Driving under the influence (DUI) is the one offense that everyday, non-criminals get arrested for
all the time. Often, those arrested for DUI have never been in trouble
with the law before so naturally, they have a lot of questions. That said,
here are four questions that people usually have in the days following
their DUI arrest:
1. I only had a few drinks, did I commit DUI?
It’s not necessarily illegal to drink alcohol and drive in California.
If that was the case, why would bars and nightclubs have parking lots?
You commit the offense of driving under the influence (DUI) when you drink
to the point where your ability to drive safely is impaired. It’s
also illegal to drive with a BAC of .08% or above. Some people argue that
you’re impaired after the first drink. But, of course weight, gender,
body fat, strength of drink, and whether you’ve eaten recently all
play a role in intoxication.
2. Should I have taken the PAS test?
The roadside breath test is otherwise known as a
preliminary alcohol screening (PAS) test. Before a DUI arrest, you are under no obligation to take a
breath test, but
after a DUI arrest, you will lose your license for
one year if you refuse to take a breath test. Should you have taken the PAS test?
There is no perfect answer to the question; it depends on the circumstances
of your situation. For example, if your blood alcohol concentration (BAC)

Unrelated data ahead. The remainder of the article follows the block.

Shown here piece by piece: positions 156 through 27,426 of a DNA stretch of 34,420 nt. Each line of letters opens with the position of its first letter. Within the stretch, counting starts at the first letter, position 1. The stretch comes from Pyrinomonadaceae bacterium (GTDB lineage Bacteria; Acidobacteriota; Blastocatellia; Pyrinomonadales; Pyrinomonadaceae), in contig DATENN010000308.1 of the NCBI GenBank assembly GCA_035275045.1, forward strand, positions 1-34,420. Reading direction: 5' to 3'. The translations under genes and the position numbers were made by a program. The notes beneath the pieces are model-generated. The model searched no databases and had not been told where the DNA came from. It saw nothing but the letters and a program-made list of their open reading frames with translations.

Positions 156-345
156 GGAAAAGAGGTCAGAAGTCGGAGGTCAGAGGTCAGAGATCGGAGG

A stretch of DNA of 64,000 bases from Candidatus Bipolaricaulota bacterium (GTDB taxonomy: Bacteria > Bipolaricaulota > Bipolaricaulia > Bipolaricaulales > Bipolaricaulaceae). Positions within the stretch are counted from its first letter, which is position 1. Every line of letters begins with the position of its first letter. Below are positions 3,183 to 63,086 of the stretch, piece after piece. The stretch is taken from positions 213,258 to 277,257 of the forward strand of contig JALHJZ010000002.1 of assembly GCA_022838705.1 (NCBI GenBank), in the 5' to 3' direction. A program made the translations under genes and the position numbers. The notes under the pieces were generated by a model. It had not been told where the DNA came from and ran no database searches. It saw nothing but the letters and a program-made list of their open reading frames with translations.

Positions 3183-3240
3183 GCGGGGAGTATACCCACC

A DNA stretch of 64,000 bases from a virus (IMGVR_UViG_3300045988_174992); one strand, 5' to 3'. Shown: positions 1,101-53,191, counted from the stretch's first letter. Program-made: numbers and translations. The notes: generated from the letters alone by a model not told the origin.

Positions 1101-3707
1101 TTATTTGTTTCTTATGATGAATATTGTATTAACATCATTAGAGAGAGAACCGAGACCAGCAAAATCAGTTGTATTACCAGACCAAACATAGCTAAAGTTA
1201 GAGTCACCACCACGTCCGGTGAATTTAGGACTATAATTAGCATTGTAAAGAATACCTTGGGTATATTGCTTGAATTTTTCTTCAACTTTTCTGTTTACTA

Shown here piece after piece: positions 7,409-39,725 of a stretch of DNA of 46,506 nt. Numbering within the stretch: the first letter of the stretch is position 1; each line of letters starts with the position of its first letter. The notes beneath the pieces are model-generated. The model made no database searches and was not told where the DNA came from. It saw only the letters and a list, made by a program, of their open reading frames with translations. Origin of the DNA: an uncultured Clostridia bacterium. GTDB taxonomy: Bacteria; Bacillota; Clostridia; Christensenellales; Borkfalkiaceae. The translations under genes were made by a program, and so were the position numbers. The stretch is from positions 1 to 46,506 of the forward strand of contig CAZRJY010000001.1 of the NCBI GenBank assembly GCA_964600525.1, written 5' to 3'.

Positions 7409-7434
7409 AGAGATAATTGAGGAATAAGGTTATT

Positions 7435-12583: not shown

is questionable, you can submit to a breath test instead of a blood test
because breath test results tend to be easier to challenge.
3. Should I have performed the field sobriety tests?
In a word – no. Unlike a post-arrest breath test, there is no penalty
for refusing the
field sobriety tests, otherwise known as the roadside divided attention tests. The purpose
of these tests is to give the officers “probable cause” to make a
DUI arrest. Any evidence of intoxication during the field sobriety tests is usually
recorded on the officer’s body cam, or on the patrol car’s
dash cam. Such evidence can and will be used against the DUI defendant
in court. Our advice: politely refuse to take the field sobriety tests.
4. Why didn’t the police take a sample of my blood?
If you were taken back to the station to breathe into a sophisticated
breathalyzer machine and the cops did not take a sample of your blood,
it’s because it’s a lot cheaper than a blood test. However,
blood samples are superior to breath tests and more difficult to challenge.
If you’re arrested for DUI, you have the right to choose a blood
test over a breath test, especially if you’re confident your BAC
is below the legal .08% legal limit.
Were you recently arrested for DUI? To get your questions answered,
contact an Orange County DUI defense lawyer from our firm today!